For a random sample $X_1,X_2,...X_n$ from a uniform $[0,\theta]$ distribution, with pdf

$$f(x;\theta) = \left\{ \begin{array} \ \frac{1}{\theta} & 0\le x \le\theta,\\ 0 & \text{else}\end{array}\right.$$

a) investigate whether the resulting estimator $\hat\theta$ is an unbiased estimator of $\theta$.

b) Derive the standard error of $\hat\theta$

So, I have approached this question, starting with getting moment estimator $\hat\theta$ of $\theta$, which gives me $\hat \theta = 2 \bar X$, from here I think that the question would be so much easier if they ask for $k$ value that makes this unbiased (we know it's 2), but how do we generally investigate $a)$?

And for $b),$ Do I just take square root of variance of $\hat\theta$ ?


1 Answer 1


(1) The 'general method' is to set the sample mean $\bar X$ equal to the population mean $\theta/2$ to get the method of moments estimator (MME) $\hat \theta = 2\bar X$ of $\theta.$

(2) Yes. By definition, the standard error of the estimator $\hat \theta$ is $SD(\hat \theta) = \sqrt{Var(\hat \theta)}.$

Notes: The multiple $(n+1)/n$ of the maximum $X_{(n)}$ of the data $X_1, X_2, \dots, X_n$ is also an unbiased estimator of $\theta$, and it has a smaller variance than the MME. Maybe showing that is a later exercise in your text.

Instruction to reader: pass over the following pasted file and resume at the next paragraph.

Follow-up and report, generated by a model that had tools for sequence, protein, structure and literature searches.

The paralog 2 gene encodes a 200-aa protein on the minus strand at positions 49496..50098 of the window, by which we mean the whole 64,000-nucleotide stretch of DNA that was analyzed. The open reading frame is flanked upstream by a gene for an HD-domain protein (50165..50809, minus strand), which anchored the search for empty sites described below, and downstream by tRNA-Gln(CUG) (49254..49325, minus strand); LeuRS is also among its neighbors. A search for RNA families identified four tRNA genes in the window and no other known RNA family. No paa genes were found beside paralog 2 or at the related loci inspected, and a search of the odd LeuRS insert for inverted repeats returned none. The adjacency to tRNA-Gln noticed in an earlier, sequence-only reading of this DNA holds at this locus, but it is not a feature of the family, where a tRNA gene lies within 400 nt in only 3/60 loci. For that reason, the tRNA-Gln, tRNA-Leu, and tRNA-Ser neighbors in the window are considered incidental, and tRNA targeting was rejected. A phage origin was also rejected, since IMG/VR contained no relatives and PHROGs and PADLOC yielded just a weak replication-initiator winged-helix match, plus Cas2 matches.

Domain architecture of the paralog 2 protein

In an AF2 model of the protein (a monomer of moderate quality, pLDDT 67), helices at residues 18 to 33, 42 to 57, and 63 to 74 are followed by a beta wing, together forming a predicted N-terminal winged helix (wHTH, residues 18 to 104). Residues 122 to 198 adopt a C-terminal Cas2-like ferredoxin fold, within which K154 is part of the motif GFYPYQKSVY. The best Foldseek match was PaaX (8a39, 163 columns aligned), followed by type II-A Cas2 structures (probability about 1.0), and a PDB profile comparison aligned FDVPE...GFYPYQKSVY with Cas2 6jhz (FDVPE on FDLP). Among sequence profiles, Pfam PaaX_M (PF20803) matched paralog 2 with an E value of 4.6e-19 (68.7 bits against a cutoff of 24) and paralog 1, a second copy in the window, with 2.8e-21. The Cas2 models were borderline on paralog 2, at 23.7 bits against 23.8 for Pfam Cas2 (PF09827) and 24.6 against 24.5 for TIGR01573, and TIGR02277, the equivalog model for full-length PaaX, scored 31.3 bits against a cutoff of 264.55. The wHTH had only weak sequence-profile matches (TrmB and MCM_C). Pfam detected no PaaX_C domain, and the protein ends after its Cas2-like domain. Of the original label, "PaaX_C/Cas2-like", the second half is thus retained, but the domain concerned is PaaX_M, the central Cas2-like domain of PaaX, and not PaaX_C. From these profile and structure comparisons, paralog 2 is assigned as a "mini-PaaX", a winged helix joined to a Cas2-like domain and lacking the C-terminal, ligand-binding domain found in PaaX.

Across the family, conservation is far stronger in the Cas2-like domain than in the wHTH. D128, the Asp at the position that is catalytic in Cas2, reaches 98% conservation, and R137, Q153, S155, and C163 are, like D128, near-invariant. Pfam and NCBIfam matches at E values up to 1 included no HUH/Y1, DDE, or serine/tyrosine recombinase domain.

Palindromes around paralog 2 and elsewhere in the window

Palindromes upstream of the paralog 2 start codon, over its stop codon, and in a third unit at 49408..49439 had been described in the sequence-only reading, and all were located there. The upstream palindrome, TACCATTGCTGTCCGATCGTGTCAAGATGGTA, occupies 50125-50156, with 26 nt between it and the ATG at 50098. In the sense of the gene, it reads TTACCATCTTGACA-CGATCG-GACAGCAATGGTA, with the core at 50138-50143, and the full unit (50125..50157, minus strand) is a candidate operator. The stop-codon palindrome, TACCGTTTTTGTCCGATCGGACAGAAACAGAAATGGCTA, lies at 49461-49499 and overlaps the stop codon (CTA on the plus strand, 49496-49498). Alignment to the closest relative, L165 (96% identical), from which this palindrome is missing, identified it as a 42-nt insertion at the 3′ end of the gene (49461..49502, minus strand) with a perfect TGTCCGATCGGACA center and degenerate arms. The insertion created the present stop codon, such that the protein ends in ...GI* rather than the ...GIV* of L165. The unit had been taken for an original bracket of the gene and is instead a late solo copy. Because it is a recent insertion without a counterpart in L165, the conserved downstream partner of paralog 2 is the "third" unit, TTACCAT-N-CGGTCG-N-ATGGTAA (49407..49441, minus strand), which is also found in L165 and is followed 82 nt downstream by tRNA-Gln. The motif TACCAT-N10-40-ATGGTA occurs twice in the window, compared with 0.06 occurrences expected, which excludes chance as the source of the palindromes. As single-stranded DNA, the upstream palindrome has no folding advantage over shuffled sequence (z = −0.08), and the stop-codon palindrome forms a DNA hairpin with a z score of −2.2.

It is not difficult to find the PDFs of these two estimators and thus to derive these relationships analytically (see this Q & A), but the following simple simulation (using the sampling method) in R provides a preview of the results (for $n = 5$ and $\theta = 10$).

Notice that the distribution of the MME is roughly normal after averaging only five uniform observations. Even though the second estimator is less variable, the mode of its PDF lies to the right of $\theta = 10.$

 m = 10^5;  n = 5;  th = 10
 x = runif(m*n, 0, th)
 DTA = matrix(x, nrow=m)  # each row is sample of size n
 a = rowMeans(DTA)        # vector of m means
 b = apply(DTA, 1, max)   # vector of m maximums
 mme = 2*a;  mean(mme);  sd(mme)
 ## 10.01064              # approx. of E(MME) = 10 (unbiased) 
 ## 2.588815              # approx. of SE(MME)
 est2 = ((n+1)/n)*b;  mean(est2);  sd(est2)
 ## 10.00017              # approx. of E(EST2) = 10 (unbiased)
 ## 1.69188               # indicates SE(EST2) < SE(MME)

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